Inflation continues to pummel the spending value of the U.S. dollar domestically. Proactive CFOs have begun to keep this top of mind when looking at their cash reserves. Many organizations, whether public or private, are sitting on cash to guard against an incoming recession or because they're waiting for the right opportunity to allocate it. Executives in both the public and private sectors have begun looking for ways to protect the long-term value of those funds but must choose wisely.
When asked how executives looking to protect their organization's cash can approach the matter, Dan Tolomay, CIO of Trust Company of the South, shared his thoughts on how finance can properly gauge risk/reward to make investments. According to him, the same rules apply to the corporate investor as the individual investor.
“Risk and return are directly related,” said Tolomay. “When you bear more risk, you should expect a higher return. We think of risk as a spectrum with purchasing power risk at one end and market risk at the other. Being too conservative with cash can mean losing purchasing power to inflation. Getting too aggressive can lead to damaging losses.”
Tolomay spoke to CFO about the necessity of being able to tolerate risk. Patience in seeing results from allocations is key, he said, while also being able to strategize with both short- and long-term goals in mind. Just as important is not getting caught up in day-to-day market fluctuations.
“Risk tolerance has two dimensions: the ability to bear risk and the willingness to bear risk. The goal is to align them so that enough risk is taken to meet the goals, but that not too much risk is introduced where the plan could be abandoned under duress.”
We think of risk as a spectrum with purchasing power risk at one end and market risk at the other. Being too conservative with cash can mean losing purchasing power to inflation. Getting too aggressive can lead to damaging losses.” — Daniel Tolomay, Trust Company of the South
When asked about where executives can park cash reserves to counter inflation, Tolomay mentioned simple, conservative investments. “Money market yields track the Fed Funds rate, so there’s been an increase in return there,” he said. “The yield on the fund that we use has risen from 0.03% to 2.69% year to date."
For CFOs and treasurers looking for stable value, frequent liquidity, and floating yields, these types of funds are no-brainers, according to Tolomay. “Money market funds are great for cash needs where the timing is unknown. They provide a stable value, daily liquidity, and a floating yield that should rise as the Fed continues to hike.”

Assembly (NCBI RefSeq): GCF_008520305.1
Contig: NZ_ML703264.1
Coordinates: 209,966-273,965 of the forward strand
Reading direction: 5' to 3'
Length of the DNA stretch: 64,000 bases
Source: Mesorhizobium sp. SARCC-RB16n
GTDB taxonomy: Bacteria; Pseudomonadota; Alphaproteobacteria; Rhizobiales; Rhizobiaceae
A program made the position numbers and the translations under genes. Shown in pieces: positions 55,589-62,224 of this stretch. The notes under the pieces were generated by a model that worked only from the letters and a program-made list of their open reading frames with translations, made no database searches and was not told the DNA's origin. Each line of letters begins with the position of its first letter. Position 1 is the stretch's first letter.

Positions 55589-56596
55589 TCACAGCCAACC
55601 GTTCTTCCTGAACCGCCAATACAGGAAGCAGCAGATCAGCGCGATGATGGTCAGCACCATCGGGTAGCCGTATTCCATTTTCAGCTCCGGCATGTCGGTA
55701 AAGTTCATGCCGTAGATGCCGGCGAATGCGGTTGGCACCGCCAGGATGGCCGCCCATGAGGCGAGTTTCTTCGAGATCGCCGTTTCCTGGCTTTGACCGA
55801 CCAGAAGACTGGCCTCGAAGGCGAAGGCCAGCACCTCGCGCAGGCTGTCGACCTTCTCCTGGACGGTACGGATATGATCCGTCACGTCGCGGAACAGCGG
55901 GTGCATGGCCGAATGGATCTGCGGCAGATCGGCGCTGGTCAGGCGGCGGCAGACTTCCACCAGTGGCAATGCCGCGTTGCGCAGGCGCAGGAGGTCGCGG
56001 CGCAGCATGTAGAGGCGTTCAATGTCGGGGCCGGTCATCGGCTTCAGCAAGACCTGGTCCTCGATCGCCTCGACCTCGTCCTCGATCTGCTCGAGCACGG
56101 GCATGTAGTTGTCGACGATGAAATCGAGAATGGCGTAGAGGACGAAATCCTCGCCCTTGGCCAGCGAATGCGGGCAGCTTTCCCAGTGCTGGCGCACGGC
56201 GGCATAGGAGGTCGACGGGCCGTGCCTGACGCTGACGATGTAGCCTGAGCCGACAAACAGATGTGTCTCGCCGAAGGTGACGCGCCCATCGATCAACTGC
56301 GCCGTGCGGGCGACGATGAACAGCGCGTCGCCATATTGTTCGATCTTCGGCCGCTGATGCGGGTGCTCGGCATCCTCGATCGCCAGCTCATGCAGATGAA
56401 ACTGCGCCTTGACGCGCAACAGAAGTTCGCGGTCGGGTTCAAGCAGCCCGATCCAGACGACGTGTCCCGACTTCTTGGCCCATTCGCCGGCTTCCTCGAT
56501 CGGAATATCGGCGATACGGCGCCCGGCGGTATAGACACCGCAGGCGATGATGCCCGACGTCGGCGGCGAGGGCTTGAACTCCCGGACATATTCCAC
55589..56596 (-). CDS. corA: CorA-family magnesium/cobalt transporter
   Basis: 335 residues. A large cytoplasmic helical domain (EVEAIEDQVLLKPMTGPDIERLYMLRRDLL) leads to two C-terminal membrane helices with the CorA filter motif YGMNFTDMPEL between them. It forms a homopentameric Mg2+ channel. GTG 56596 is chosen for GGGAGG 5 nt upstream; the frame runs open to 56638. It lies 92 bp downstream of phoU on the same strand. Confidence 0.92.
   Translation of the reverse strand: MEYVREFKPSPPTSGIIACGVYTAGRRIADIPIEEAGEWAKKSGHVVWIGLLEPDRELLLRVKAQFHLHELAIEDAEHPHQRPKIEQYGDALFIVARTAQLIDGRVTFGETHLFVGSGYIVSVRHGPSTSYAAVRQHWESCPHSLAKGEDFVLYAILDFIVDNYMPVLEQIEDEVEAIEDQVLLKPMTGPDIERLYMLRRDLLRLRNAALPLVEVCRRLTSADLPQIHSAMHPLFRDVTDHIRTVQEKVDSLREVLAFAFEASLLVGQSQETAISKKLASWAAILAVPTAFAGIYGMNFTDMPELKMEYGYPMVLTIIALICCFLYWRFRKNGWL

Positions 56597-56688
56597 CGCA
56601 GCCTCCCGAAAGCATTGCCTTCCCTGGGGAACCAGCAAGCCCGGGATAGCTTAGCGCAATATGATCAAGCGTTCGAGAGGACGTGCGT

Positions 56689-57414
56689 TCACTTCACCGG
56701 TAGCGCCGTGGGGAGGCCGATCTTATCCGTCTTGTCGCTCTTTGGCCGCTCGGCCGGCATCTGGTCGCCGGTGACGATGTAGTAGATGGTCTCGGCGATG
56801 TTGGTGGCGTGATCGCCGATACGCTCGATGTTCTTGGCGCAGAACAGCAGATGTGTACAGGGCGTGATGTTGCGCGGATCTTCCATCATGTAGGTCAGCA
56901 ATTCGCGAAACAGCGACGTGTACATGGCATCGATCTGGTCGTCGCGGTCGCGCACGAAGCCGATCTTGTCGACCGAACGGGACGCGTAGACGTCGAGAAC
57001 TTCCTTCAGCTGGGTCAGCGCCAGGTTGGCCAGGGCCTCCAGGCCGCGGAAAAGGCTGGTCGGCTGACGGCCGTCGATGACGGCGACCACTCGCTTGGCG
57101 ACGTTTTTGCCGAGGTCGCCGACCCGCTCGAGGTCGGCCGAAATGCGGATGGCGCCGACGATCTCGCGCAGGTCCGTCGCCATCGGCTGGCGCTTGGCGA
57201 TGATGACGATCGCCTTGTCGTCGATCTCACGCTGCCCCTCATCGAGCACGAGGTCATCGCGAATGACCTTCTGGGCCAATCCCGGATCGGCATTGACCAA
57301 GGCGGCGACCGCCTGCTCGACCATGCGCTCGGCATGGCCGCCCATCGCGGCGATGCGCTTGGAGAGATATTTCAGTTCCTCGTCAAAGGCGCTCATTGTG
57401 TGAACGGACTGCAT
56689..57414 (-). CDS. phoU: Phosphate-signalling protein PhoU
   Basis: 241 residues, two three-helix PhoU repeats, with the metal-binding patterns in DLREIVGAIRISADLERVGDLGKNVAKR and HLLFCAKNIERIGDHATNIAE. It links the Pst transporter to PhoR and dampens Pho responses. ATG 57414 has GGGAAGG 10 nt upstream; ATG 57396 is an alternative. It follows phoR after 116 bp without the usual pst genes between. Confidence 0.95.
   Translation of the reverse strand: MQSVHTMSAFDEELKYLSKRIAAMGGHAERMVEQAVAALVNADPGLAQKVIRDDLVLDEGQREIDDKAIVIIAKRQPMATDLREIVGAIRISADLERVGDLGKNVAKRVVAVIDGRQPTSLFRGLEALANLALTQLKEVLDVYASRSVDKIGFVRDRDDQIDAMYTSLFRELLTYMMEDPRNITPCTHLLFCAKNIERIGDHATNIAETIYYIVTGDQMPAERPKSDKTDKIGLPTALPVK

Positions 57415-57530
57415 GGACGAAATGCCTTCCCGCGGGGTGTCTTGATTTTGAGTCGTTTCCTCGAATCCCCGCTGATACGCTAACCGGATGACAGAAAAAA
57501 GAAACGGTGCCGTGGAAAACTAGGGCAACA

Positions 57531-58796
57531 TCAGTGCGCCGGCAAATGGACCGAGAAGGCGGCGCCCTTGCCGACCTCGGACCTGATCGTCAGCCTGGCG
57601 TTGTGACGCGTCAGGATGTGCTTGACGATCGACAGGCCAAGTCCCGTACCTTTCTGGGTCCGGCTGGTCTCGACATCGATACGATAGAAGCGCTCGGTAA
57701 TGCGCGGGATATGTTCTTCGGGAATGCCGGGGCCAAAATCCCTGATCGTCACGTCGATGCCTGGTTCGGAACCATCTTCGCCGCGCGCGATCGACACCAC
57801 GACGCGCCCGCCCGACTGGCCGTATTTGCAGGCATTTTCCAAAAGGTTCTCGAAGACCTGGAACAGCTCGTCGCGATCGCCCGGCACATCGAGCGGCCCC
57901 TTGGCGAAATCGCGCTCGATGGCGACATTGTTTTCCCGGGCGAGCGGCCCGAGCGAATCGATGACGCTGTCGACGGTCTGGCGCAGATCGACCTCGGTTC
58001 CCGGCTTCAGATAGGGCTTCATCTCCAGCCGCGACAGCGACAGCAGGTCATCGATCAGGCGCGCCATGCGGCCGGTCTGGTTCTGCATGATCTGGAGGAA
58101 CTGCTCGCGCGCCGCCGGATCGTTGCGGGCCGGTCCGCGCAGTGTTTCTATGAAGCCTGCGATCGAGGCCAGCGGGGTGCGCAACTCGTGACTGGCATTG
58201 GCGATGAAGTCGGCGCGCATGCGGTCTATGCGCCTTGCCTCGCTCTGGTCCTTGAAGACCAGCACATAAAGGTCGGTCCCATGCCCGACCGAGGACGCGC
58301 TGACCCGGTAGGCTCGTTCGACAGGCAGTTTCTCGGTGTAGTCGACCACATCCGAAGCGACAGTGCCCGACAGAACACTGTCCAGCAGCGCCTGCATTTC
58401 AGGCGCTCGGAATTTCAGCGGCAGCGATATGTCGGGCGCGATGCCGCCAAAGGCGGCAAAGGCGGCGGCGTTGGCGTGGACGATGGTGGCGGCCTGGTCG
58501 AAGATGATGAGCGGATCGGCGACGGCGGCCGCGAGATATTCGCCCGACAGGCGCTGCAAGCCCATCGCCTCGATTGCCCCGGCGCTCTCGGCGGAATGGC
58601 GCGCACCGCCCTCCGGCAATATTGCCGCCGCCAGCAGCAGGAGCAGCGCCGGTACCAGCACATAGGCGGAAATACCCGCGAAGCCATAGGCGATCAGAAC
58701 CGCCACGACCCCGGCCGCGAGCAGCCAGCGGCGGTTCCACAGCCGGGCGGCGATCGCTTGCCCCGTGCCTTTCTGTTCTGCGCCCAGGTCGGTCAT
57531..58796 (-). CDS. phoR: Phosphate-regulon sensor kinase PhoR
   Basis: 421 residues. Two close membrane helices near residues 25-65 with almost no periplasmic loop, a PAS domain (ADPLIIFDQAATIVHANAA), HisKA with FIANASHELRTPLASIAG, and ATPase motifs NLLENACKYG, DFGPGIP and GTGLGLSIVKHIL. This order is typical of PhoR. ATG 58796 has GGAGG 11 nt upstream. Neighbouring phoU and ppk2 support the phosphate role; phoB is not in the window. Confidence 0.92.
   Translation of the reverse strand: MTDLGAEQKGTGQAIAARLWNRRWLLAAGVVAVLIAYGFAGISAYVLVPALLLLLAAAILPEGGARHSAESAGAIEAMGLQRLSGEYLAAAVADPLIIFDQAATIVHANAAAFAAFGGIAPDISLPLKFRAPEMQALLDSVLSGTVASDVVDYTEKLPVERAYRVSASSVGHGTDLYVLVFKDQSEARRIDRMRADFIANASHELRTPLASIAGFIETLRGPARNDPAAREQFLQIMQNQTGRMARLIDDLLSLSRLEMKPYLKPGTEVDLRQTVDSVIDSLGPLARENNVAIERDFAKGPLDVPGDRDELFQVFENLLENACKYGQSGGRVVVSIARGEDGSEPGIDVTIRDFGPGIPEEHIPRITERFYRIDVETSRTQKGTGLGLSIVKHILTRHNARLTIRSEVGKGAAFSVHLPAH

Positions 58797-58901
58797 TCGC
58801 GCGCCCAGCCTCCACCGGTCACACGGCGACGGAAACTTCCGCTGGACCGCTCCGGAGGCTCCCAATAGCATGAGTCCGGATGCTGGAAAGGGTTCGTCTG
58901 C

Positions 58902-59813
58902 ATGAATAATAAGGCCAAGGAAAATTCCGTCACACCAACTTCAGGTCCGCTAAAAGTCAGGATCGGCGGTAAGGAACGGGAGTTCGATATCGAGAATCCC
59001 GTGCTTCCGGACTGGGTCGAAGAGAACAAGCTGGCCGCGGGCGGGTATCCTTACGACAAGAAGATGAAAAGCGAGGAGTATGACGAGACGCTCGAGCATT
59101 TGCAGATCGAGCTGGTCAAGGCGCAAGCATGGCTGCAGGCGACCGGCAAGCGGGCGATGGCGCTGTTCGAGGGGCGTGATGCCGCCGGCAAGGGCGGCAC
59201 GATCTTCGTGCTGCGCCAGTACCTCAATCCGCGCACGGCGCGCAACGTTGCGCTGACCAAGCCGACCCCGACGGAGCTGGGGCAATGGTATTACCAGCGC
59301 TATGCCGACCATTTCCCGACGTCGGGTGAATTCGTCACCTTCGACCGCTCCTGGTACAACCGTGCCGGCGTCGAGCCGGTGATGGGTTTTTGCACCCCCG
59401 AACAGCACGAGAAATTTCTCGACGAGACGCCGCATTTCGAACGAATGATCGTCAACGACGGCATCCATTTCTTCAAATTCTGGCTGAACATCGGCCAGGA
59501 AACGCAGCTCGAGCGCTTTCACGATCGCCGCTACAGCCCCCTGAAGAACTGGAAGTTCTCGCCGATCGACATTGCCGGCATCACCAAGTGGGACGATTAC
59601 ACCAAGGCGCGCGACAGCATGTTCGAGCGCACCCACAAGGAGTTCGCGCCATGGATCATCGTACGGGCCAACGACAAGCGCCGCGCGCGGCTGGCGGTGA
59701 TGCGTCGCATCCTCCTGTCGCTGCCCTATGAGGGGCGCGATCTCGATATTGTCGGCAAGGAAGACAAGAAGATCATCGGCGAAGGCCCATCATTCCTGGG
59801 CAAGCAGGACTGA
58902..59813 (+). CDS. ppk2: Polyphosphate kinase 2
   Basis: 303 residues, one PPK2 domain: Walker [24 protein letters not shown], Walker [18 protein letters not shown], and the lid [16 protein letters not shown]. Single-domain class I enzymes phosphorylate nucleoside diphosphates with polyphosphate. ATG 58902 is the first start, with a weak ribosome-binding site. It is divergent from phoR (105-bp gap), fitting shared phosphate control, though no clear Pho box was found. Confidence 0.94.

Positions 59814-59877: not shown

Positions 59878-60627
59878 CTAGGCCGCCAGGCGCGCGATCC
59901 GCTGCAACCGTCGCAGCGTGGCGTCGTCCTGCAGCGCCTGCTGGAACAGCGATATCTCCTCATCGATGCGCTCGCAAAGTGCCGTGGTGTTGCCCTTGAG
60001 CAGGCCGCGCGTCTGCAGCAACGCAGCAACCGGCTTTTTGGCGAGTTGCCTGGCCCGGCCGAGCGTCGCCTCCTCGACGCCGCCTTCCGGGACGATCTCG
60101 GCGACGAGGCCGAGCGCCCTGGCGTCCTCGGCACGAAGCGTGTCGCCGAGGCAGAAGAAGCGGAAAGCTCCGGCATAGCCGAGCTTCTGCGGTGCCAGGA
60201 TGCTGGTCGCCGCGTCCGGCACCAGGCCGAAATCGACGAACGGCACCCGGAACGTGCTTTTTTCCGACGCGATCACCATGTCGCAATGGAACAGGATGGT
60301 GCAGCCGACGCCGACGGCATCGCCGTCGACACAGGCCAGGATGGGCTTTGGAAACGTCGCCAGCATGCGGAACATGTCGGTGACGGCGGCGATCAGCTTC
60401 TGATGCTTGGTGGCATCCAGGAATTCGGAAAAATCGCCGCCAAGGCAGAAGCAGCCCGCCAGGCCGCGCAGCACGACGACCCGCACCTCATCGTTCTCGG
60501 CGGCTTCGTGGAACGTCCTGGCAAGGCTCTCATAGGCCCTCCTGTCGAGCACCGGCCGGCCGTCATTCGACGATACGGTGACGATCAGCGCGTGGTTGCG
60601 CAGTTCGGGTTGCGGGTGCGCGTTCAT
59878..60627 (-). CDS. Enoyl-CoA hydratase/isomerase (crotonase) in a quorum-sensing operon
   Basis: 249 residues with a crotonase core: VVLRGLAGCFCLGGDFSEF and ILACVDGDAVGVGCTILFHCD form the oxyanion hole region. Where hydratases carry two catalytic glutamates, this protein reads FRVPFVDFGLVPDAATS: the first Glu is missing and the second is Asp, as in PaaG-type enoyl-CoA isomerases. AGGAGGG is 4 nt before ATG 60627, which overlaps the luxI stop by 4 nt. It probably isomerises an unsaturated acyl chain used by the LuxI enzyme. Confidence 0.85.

Steering towards conservative investing has been on the rise across the board since the start of the year, Tolomay explained. “Bonds have become a more attractive option,” he said. “Assets that had flowed from cash and bonds to riskier assets in search of a meaningful return may now reverse course.”
Boosting Investment Income
Organizations with large cash reserves, such as public municipalities due to an influx of federal dollars from the pandemic, have been finding ways to park their dollars in investments that not only protect them from inflation but produce dividends. Those dividends, unlike the investment principal, are not constrained by federal guidelines on how the money can be spent.
"In 2021 and 2022, we have seen an infusion of cash like I've never seen before," Kevin Bueso, CFO of McHenry County, Illinois, told CFO. When his county received about $60 million in federal funding during the pandemic, Bueso said that he didn’t want to let the money just sit in a regular bank account and depreciate. "We came up with a strategy that allows us to put some of this funding to work," he said.
One instrument in which Bueso and his team have invested the funds is mortgage-backed securities (MBS). Bueso believes the MBSs will pay dividends for the county in the long term. Despite their role in the 2008 financial crisis, mortgage-backed securities are a good example of an investment that can preserve the long-term value of large amounts of capital, he said.
"I know [MBSs] have a bad label,” said Bueso. “However, they're still out there, and they're safe, and they are yielding a lot more than a money market savings account or a CD [certificate of deposit].”
When evaluating investing risk, Bueso talked about a strategy where he and his team work within the parameters of both state and federal regulations while also trying to allocate toward investments on behalf of the county and within areas of the community that need funding. As inflation bears down on state budgets, the half a million dollars a year in dividends the county is getting off of investments is helping balance out some of those costs, Bueso said.
“[We say] how can we do this in a responsible manner, where, yes, we're helping our community, but at the same time we're realizing some serious investment income. We're experiencing a greater return on our investment, and we're funding a lot of projects with this investment income that is not tied to anything.”
Bueso said his county’s financial situation is taken into account when he evaluates some risks. As McHenry County has a history of strong internal economic policies and pledge agreements on investing, he believes the investment decisions are helping the county long term.
“We have very strong financial resources,” Bueso said. “We have a history of very strong conservative spending patterns. So, based on all of that, we feel like we have a lot of control over how to maximize cash flow.”